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William McNaught (1813-1881), of William McNaught and Son, improved steam engines; many engine makers applied a similar modification, which acquired the name 'McNaughting'
1820 Moved to Glasgow.
c.1832 Was given a job in India supervising the Fort Gloster mills.
1836 McNaught returned to Scotland due to bad health.
1838 McNaught joined his father in business.
When confronted with the problem of increasing power in cotton factories to serve extensions without scrapping the existing steam engine, he added a high-pressure cylinder near the crank end of the beam.
1845 McNaught patented the application of an auxiliary cylinder situated midway between the crank shaft and the main centre for steam engines. This he put into manufacture starting with the Barrowfield Cotton Mills.
1848 Married Margaret
1849 Left Glasgow and moved to Manchester because orders in Lancashire were so numerous.
1856 Birth of son Duncan McNaught
1859 One of the original directors of the Boiler Insurance and Steam Power Co.
Died 1881 aged 68.
1881 Obituary 
This gentleman died at his residence in Manchester on the 8th inst., after a long and patiently-borne illness, in his 68th year. His body was removed to Glasgow, where a large party met in the Queen's Hotel, on the 13th inst., to accompany his remains to the family burying place at Sighthill Cemetery, amongst the party was Sir Peter Coats, of Paisley, who had encouraged Mr. McNaught throughout his whole career to perseverance and progress. The funeral ceremonies were conducted by the Rev. John 0rr, of the Tron Parish Church, Glasgow, formerly of Liverpool, and an old friend of the deceased.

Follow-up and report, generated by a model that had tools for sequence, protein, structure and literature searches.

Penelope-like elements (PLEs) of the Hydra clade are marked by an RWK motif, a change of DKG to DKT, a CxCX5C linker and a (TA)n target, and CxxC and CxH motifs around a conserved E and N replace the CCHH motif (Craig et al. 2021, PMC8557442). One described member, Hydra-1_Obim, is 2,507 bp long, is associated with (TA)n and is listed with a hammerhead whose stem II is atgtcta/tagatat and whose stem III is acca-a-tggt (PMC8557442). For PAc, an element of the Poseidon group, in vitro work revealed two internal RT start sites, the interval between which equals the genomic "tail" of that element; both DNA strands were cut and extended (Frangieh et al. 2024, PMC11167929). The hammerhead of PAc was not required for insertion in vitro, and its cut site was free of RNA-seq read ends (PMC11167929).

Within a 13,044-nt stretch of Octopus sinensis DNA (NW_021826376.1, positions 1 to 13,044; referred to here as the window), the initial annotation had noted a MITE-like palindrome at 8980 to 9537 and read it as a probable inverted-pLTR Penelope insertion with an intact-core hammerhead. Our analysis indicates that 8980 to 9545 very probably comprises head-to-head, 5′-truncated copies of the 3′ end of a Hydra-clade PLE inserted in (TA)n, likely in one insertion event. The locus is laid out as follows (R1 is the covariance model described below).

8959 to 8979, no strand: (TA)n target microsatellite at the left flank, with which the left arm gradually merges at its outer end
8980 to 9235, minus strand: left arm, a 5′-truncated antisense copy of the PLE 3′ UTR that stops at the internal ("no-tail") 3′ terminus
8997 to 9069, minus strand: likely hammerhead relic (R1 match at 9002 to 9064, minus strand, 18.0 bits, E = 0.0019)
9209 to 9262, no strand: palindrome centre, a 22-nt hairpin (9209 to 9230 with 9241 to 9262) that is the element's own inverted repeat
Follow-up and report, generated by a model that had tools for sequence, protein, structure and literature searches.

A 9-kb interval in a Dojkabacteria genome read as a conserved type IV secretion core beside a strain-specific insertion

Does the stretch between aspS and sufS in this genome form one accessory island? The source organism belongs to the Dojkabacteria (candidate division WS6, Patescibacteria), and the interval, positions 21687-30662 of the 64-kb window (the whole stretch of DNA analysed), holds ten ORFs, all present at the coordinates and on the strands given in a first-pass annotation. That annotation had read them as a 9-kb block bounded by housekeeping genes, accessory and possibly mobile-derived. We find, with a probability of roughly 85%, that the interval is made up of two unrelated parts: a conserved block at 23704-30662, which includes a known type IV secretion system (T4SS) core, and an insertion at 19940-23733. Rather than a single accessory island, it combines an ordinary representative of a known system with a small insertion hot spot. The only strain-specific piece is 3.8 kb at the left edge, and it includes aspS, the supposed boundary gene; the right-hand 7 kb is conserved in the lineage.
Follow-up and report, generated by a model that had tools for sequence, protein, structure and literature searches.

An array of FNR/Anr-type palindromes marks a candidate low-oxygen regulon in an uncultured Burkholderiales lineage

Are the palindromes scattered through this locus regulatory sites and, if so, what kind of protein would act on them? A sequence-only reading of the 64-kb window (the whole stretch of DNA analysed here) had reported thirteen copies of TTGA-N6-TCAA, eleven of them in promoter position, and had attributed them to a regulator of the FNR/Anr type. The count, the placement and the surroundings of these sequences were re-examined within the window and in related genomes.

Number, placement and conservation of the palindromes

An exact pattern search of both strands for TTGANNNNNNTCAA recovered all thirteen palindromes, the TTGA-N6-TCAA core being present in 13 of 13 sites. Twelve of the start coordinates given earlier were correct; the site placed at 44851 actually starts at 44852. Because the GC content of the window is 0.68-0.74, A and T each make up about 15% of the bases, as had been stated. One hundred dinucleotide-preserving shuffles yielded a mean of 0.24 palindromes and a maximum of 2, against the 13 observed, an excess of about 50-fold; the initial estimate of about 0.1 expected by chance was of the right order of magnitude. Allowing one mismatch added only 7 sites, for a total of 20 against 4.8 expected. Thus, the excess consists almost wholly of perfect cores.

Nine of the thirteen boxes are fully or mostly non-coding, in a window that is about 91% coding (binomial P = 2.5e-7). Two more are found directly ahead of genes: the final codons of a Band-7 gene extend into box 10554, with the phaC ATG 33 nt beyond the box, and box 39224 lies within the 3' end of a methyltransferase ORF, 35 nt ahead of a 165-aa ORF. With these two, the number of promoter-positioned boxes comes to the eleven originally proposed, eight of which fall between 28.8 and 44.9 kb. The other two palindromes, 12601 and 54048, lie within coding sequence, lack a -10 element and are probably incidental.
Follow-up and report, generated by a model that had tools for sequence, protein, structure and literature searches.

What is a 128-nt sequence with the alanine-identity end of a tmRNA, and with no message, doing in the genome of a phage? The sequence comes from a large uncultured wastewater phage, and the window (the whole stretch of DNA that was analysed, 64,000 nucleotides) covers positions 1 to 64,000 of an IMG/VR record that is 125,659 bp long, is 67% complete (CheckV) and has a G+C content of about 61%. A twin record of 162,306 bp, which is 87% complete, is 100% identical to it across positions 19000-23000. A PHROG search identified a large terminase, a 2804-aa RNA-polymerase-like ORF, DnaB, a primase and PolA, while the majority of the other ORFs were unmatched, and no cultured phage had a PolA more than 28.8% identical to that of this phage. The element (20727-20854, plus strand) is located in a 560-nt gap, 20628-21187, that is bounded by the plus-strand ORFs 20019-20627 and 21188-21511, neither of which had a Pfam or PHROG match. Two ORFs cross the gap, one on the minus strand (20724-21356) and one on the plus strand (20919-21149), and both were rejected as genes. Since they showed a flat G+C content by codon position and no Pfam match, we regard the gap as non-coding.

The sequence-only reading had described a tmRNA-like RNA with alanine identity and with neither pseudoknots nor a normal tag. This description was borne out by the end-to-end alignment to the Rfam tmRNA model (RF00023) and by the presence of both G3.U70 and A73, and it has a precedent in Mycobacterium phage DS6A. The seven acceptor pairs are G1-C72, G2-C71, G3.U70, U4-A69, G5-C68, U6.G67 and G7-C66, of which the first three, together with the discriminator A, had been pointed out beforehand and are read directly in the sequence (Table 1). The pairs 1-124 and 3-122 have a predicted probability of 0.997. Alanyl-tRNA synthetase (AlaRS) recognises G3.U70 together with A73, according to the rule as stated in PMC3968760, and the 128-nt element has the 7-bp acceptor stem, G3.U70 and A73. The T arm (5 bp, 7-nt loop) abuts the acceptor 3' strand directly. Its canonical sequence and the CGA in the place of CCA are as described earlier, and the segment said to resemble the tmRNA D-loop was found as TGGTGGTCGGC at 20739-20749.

Mr. William McNaught was born in Paisley on the 27th May, 1813. His parents removed into Glasgow in 1820, where he received a good education. Being desirous of following out the calling of an engineer, which was also the profession of his father, he was duly apprenticed to the late Mr. Robert Napier, of the Vulcan Works, Washington-street, Glasgow, were he had quite completed his fourteenth year, working diligently at his trade by day, and attending the science classes of the Anderson University in the evenings. He had acquired such a knowledge of his business, that at the age of nineteen, on the termination of his apprenticeship, he was offered the charge of the Fort-Gloster Mills on the Hooghly, which offer he at once accepted and Immediately set out on his way to India. His health however becoming affected by the climate, he was obliged to return to his native country in 1836. Some years prior to this his father, Mr. John McNaught, had invented the revolving cylinder as an attachment to the steam engine indicator, for which he had received the silver Medal of the Society of Arts for Scotland in the year 1830, and had begun to manufacture these indicators in connection with his business of a consulting engineer. The McNaught indicator was a very great improvement over what had been hitherto used for the same purpose. It will be remembered that the first instrument known as Watt's indicator did not describe a diagram of the action of the steam in the cylinder; it had, however, the miniature cylinder connected to the main cylinder, and the small piston with spiral spring attached. An index finger was fixed to the top of the piston rod of the indicator which pointed to a scale marked off on a frame contiguous to the instrument, the variations taking place inside of the main cylinder. This indicator was greatly improved by substituting a lead pencil for the index finger and causing the frame with a card fixed to it, to move simultaneously with the main piston, the return stroke being effected by means of a back balanced weight attached to the other end of the frame. By this means an exact picture was drawn on the card of the performance of the steam in the cylinder, but Mr. John McNaught's invention of the revolving cylinder and other improvements simplified and extended the use of the indicator so as to make it as useful to the engineering profession as the stethoscope is to the medical profession. Mr. William McNaught joined his father in 1838 in this business in Robertson-street, Glasgow, where it is carried on to this day.